Saturday brought to Pittsburgh some of the most unpleasant weather yet this season, but a few dozen people braved the cold and rain to hold vigil for someone they had never met.
Andi Woodhouse, 24, jumped from the 10th Street Bridge to his death on December 13th. Organizers of Saturday’s vigil say he was mis-gendered in reports from the medical examiner’s office and various media outlets, which had referred to Woodhouse as a woman named Amber.
Local LGBT activist Sue Kerr wrote in a piece for the Huffington Post that she remembered reading initial news reports about the suicide, “but I had no idea he was part of our community.”
Activist and community organizer Eli Kuti said when he found out Woodhouse was a transgender man, he wanted to organize a vigil to show Woodhouse’s family that there is a community in Pittsburgh who cares.
“Anyone committing suicide is a horrible thing, but to know that, through talking with his sister, that it was because of gender and not have a community and not having support, that just added an extra punch of the stomach,” Kuti said. “It’s something that could have been prevented.
Kuti said Woodhouse, originally from Lebanon, PA, was staying at a facility run by Renewal, Inc., which provides alternative housing and community corrections services for people recently incarcerated.
Kuti said he had learned from Woodhouse’s sister, Ashley Ginnetto, that Woodhouse did not know other trans people in Pittsburgh, and felt isolated and alone.
He questioned whether staff at the housing facility knew that Woodhouse was trans and if they provided him with information about support resources, like the Gay and Lesbian Community Center of Pittsburgh.
“(We) could have geared him in a way of helping him find jobs, or just helping him find friends and be around other people that are like them,” Kuti said. “Any kind of mental health or any kind of social service should have this information.”
According to a 2008 report from the Suicide Prevention Resource Center, which synthesized decades of research on the topic, LGBT youth are 30-40% more likely to commit suicide than heterosexual youth. There is a heightened risk for transgender youth and those who have been involved with the criminal justice system, though exact numbers are hard to come by because transgender youth do not always openly identify as such.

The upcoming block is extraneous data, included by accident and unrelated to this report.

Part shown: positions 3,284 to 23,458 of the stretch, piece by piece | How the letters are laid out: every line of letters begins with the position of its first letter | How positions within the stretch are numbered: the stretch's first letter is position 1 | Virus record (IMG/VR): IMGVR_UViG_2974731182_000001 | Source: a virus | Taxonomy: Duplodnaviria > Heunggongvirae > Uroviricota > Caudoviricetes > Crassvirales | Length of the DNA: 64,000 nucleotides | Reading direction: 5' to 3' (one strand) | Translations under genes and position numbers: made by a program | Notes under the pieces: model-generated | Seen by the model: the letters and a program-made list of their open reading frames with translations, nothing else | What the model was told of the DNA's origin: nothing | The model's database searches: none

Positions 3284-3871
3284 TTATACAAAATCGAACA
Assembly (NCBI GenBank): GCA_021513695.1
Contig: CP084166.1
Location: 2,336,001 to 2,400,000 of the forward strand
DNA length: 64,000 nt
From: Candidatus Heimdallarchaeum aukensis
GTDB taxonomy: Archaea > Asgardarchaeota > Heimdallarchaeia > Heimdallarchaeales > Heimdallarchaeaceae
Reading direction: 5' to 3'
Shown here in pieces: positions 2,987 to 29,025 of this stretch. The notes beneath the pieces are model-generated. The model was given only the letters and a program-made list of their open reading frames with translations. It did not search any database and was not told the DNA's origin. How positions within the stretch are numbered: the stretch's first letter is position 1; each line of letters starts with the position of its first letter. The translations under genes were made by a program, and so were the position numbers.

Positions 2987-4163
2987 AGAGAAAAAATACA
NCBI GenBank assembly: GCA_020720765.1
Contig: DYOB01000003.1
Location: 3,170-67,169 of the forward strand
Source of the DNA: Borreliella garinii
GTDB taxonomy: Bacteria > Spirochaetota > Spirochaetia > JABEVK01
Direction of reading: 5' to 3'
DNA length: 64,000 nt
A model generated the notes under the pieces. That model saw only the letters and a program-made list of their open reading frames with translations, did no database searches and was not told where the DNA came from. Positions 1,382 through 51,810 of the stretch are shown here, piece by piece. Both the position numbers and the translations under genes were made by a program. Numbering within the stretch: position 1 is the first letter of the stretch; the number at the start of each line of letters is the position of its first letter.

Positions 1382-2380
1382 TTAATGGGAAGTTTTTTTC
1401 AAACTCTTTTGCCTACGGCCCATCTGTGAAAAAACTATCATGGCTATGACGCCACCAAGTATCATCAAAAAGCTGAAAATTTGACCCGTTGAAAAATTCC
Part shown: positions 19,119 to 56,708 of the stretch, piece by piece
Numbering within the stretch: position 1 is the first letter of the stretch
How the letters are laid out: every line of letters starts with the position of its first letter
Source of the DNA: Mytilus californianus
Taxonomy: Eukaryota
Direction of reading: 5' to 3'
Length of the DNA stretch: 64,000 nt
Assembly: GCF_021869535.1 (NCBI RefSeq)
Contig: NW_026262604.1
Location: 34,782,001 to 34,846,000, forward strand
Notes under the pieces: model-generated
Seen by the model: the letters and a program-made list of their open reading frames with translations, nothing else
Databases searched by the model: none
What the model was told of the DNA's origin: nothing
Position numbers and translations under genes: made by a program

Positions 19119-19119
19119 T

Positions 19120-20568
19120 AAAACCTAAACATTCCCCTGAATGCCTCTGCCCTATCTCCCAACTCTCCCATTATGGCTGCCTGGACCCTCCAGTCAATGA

Nancy Evelyn Gold spoke at the vigil, and said Woodhouse’s death made her feel ashamed.
“I am 51 years old. I transitioned 22 years ago. I should know better,” Gold said. “As an elder in this community, I should be making sure that our children are fed, that they are housed, that they are taken care of, and that they never, ever have to feel alone.”
She said the increasing prevalence of transgender youth suicides in the news, like the death of Leelah Alcorn in Ohio, reminded her of the AIDS epidemic of the 1980s and 1990s, which brought the LGBT community together in unprecedented ways.
“Our men were dying. I lost so many friends,” Gold said. “Well, my brothers, my sisters, my siblings, my others, whatever you identify as, our people are dying. They are being killed and they are killing themselves.”
Kuti and fellow activist Lauren Jurysta encouraged local LGBT youth to seek out resources like the GLCC or the Persad Center, or even events like Rhinestone Steel, an annual queer music festival in Pittsburgh. They said transgender youth can also call the Trans Lifeline at 1-877-565-8860.
“We’ve got a strong community of loving people that want to support each other. Just pick up the phone and call somebody,” Jurysta said.